Layer Type Input Dim. Output Dim.
VGG16
Dense (ReLU)
Dense (ReLU)
Dense (Softmax)
Table 1: High-level summary of the deep learning model used to classify foraminifera and sediments.

The model was first trained with all weights for the VGG16 model being fixed, and thus only the weights of the new classification head were optimized. All training was done using a batch size of 32, cross entropy loss, and an Adam [10] optimizer with an initial learning rate of . To reduce the chance of overfitting, early stopping was implemented based on the validation accuracy computed at the end of each training epoch. On average, due to early stopping, each training session stopped after 7 epochs, with each epoch consisting of 260 training steps. After initial training of the classification model on feature vectors extracted from the VGG16 model, fine-tuning was implemented to improve classification accuracy. This was achieved by “unfreezing” the last two convolutional blocks of the VGG16 model, thus allowing the model to specialize those parameters to the new classification task. The initial learning rate during fine-tuning was reduced to to ensure smaller, incremental gradient updates.

Given the relatively small dataset, image augmentation was implemented to synthetically boost the number of training images. The augmentations consisted of flipping, rotating, as well as changing brightness, contrast, hue, and saturation. Flipping was done horizontally, and rotations in increments of 90 degrees. Brightness, contrast and saturation values were randomly augmented by , whereas hue was augmented by . These augmentations were chosen based on qualitative analysis of the dataset to ensure they were both representative and valid. Each augmentation was applied in a randomized fashion to every image in a batch, each time a training batch was sampled.

The training procedure was repeated multiple times to reduce the effects of random initialization of model weights. After only training the classification head, the mean accuracy on the test data was . Fine-tuning improved the results to a mean accuracy of .

5.2 Model analysis

After training, Monte Carlo dropout was implemented in order to investigate and analyze the trained models. Model predictions were collected as expressed in (2) for , with all dropout layers turned on and using the entire test set. Predictive mean and variance were calculated using (3) and (4), respectively.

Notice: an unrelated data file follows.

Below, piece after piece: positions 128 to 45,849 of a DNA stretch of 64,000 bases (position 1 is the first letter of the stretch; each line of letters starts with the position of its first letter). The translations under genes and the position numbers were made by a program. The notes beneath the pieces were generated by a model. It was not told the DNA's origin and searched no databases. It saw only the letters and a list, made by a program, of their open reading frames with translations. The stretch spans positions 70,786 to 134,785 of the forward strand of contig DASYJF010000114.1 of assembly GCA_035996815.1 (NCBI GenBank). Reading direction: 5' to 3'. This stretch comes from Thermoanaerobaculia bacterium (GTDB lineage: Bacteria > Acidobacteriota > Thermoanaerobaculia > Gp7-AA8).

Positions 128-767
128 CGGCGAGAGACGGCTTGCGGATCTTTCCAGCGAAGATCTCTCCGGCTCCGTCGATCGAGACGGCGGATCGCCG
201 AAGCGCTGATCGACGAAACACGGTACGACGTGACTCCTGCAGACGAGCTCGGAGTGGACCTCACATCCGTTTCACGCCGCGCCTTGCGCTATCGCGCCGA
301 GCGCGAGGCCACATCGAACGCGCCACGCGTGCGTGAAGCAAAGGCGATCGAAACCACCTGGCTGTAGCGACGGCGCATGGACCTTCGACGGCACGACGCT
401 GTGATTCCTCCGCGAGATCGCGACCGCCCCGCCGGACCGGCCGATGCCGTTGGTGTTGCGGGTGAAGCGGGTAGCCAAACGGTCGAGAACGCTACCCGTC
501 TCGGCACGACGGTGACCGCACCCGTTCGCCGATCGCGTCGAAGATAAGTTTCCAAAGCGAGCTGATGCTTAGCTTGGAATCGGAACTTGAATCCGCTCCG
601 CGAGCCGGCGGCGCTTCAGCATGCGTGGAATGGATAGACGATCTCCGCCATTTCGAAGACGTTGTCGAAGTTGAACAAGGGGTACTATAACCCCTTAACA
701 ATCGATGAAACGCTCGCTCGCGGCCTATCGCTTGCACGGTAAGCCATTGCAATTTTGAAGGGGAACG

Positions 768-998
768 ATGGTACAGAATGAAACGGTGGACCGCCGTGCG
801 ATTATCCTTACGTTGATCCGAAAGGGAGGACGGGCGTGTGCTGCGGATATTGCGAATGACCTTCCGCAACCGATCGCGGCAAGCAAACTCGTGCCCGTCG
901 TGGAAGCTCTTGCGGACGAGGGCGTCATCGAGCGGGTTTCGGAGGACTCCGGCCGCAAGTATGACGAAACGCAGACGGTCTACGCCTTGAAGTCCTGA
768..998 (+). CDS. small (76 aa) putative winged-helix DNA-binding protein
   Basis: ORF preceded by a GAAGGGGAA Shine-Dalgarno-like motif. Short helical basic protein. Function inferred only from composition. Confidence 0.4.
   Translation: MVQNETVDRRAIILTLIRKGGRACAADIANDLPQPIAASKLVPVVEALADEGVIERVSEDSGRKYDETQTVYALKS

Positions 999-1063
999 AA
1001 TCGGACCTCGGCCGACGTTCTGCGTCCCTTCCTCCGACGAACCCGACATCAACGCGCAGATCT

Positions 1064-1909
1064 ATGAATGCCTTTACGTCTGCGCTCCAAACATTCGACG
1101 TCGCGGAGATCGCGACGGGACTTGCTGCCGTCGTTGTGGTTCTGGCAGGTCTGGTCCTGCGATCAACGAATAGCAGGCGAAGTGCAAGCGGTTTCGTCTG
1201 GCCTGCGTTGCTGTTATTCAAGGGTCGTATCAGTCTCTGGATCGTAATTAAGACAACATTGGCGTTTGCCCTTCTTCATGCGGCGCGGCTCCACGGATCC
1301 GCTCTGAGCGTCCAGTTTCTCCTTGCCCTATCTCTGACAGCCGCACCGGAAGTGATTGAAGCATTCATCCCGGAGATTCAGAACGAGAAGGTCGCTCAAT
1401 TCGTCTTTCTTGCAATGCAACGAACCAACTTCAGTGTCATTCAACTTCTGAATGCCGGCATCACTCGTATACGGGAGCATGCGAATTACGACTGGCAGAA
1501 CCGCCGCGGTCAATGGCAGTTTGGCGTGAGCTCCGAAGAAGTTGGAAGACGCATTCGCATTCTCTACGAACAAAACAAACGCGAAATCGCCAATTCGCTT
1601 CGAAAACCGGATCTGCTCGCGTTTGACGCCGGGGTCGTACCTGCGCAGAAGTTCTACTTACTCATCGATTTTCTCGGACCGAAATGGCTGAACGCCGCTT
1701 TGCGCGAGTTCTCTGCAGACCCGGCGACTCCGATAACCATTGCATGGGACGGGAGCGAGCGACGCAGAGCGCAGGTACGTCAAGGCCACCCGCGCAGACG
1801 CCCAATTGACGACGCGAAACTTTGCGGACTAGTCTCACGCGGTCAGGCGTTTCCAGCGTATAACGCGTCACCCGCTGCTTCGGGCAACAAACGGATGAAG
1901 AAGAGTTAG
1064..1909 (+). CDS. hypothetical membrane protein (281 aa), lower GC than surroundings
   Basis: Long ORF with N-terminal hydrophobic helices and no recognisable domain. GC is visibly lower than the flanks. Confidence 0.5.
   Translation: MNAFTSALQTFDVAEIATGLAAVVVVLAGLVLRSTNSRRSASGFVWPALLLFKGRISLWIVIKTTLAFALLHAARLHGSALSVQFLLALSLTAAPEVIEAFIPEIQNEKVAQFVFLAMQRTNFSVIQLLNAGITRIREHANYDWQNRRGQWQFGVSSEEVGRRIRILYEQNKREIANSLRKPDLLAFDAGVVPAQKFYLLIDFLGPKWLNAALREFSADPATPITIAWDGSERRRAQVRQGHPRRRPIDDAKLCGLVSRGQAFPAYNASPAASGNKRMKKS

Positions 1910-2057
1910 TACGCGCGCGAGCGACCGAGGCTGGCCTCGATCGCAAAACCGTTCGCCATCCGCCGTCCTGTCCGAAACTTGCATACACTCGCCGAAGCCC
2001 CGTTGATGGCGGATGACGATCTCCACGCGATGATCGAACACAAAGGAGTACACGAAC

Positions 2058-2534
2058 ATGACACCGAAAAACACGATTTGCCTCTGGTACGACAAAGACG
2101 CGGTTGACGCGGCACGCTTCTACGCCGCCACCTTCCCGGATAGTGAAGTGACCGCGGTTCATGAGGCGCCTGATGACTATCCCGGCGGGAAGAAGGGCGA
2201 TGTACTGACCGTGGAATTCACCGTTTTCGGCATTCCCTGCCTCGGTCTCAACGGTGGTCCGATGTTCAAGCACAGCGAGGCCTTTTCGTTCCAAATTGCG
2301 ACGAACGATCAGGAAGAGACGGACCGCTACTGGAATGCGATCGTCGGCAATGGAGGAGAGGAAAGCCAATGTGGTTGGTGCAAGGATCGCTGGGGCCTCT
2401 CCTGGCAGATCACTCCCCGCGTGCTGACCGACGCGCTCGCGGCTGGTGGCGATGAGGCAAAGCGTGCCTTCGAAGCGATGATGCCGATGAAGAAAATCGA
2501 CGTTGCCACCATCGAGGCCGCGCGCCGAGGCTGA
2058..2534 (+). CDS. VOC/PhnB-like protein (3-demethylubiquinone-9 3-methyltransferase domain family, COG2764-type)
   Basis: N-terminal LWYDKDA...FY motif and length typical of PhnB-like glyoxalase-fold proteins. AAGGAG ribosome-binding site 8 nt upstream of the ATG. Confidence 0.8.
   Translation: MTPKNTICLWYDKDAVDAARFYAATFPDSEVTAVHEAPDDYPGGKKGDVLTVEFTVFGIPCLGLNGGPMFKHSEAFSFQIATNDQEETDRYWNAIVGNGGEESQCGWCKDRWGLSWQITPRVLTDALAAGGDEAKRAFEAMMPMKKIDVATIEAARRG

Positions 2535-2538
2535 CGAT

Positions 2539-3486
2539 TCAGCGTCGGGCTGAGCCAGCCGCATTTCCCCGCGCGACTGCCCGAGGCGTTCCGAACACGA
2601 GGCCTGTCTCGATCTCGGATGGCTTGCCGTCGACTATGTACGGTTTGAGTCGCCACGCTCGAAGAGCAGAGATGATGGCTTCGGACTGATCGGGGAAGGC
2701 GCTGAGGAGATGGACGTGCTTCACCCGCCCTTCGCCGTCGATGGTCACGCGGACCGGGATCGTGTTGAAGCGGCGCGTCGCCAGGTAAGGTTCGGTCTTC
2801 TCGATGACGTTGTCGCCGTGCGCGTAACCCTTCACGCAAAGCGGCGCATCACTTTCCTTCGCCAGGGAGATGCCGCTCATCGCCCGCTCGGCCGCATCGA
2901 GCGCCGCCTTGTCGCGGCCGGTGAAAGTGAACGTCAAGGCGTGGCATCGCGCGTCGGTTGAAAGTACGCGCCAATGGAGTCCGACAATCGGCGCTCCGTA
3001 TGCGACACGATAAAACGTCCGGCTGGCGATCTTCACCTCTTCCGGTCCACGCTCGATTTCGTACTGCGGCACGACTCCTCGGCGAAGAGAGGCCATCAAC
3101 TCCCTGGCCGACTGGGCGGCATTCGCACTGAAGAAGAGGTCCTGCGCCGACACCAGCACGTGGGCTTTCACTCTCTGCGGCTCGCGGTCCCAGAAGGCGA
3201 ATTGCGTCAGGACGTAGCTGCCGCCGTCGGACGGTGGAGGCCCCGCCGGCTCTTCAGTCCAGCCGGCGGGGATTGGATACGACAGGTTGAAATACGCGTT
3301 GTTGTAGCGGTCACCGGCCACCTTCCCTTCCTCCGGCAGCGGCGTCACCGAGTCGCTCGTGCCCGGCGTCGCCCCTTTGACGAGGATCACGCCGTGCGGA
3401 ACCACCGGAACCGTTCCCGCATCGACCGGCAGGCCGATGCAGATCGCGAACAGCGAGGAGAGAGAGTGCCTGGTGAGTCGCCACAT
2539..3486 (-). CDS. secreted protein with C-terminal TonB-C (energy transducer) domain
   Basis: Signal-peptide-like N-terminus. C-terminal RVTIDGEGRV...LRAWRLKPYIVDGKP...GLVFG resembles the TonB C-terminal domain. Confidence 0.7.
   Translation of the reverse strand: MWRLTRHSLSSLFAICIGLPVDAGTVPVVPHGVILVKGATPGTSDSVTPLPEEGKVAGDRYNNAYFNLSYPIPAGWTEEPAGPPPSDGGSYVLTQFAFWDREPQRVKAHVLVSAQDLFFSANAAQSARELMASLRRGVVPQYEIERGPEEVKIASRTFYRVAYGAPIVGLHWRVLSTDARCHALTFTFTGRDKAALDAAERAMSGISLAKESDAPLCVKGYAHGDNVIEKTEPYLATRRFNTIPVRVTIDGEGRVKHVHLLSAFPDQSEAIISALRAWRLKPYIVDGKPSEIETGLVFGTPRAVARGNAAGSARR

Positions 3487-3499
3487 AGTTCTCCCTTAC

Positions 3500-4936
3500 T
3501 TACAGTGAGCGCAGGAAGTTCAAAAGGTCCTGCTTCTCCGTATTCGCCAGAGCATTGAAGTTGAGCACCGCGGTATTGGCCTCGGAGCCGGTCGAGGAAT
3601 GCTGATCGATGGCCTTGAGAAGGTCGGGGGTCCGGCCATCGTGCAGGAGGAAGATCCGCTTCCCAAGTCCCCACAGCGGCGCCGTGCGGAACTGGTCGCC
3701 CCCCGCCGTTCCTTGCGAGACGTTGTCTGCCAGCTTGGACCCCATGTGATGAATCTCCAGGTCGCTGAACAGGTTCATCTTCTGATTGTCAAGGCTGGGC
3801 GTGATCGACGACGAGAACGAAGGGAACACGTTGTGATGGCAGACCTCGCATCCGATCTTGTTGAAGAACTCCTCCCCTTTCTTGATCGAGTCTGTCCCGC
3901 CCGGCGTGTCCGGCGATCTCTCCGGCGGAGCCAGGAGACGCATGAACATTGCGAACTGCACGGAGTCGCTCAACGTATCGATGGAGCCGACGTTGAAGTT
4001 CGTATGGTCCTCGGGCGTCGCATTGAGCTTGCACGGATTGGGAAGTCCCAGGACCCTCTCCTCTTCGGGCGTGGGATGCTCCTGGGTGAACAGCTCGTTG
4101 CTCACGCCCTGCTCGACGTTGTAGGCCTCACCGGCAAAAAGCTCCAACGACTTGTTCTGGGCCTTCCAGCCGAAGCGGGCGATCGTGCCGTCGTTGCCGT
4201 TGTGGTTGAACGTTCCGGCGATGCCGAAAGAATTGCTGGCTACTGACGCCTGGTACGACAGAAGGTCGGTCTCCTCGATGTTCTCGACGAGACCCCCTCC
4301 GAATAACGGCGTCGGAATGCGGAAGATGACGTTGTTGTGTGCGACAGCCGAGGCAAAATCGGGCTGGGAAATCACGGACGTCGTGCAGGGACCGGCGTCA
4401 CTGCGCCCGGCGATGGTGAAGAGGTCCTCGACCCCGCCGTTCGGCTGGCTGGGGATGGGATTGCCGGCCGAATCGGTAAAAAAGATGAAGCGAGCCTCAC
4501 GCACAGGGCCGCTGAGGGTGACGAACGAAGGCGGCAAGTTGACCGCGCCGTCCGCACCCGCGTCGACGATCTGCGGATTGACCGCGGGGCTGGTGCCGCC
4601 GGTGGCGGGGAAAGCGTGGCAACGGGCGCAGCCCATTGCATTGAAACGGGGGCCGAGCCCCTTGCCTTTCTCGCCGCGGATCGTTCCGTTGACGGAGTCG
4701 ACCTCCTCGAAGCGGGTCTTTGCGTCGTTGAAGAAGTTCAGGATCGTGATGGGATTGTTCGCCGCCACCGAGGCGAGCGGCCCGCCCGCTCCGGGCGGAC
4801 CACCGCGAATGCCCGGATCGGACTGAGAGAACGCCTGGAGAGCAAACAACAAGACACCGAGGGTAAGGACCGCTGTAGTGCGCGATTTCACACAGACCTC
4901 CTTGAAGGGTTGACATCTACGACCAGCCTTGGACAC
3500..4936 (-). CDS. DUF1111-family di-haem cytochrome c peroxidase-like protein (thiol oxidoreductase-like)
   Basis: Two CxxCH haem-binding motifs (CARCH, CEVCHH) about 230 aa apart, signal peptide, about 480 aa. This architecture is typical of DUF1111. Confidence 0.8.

Using these results made it possible to uncover difficult cases in the dataset where the model was having problems with the classification. There were two scenarios; the model was uncertain about the prediction, or it was certain, but the prediction was incorrect. When studied qualitatively, some of the challenging images contained overexposed specimens that were missing details such as texture. In other cases, specimens were oriented in such a way that the morphological characteristics of the foraminifera were not visible. An example of an overexposed specimen can be seen in Figure 5.

Figure 5: Overexposed planktic foraminifera, misclassified as benthic. Histograms represent distributions of softmax predictions from MC dropout.

Some of the challenging cases were shown to a trained expert, which was able to correctly classify all specimens.

The mean accuracy for all Monte Carlo simulations was . Furthermore, by considering each simulation to be part of an ensemble of models with a majority voting scheme, the accuracy of the ensemble predictions was . These results are comparable to the model without Monte Carlo dropout.

6 Concluding remarks

Based on the presented experiments it is clear that training deep learning models to accurately classify microscopic foraminifera is possible. Using VGG16 pretrained on ImageNet to extract features from foraminifera produces very promising results, which can then be further improved by fine-tuning the pretrained model. The results are comparable to equivalent efforts by other research group using different datasets of foraminifera and sediments.

To uncover images in the dataset that the model is uncertain about techniques such as Monte Carlo dropout can used. These results can then be used to identify classes that need more training data, or perhaps alludes to further image augmentation, etc.

Future work should involve investigations using model architectures other than VGG16 should be conducted, comparing differences in prediction accuracy, computational efficiency during training and inference, and so forth. Once bigger datasets become available, efforts should also invested towards training novel models from scratch, and comparing to pretrained models.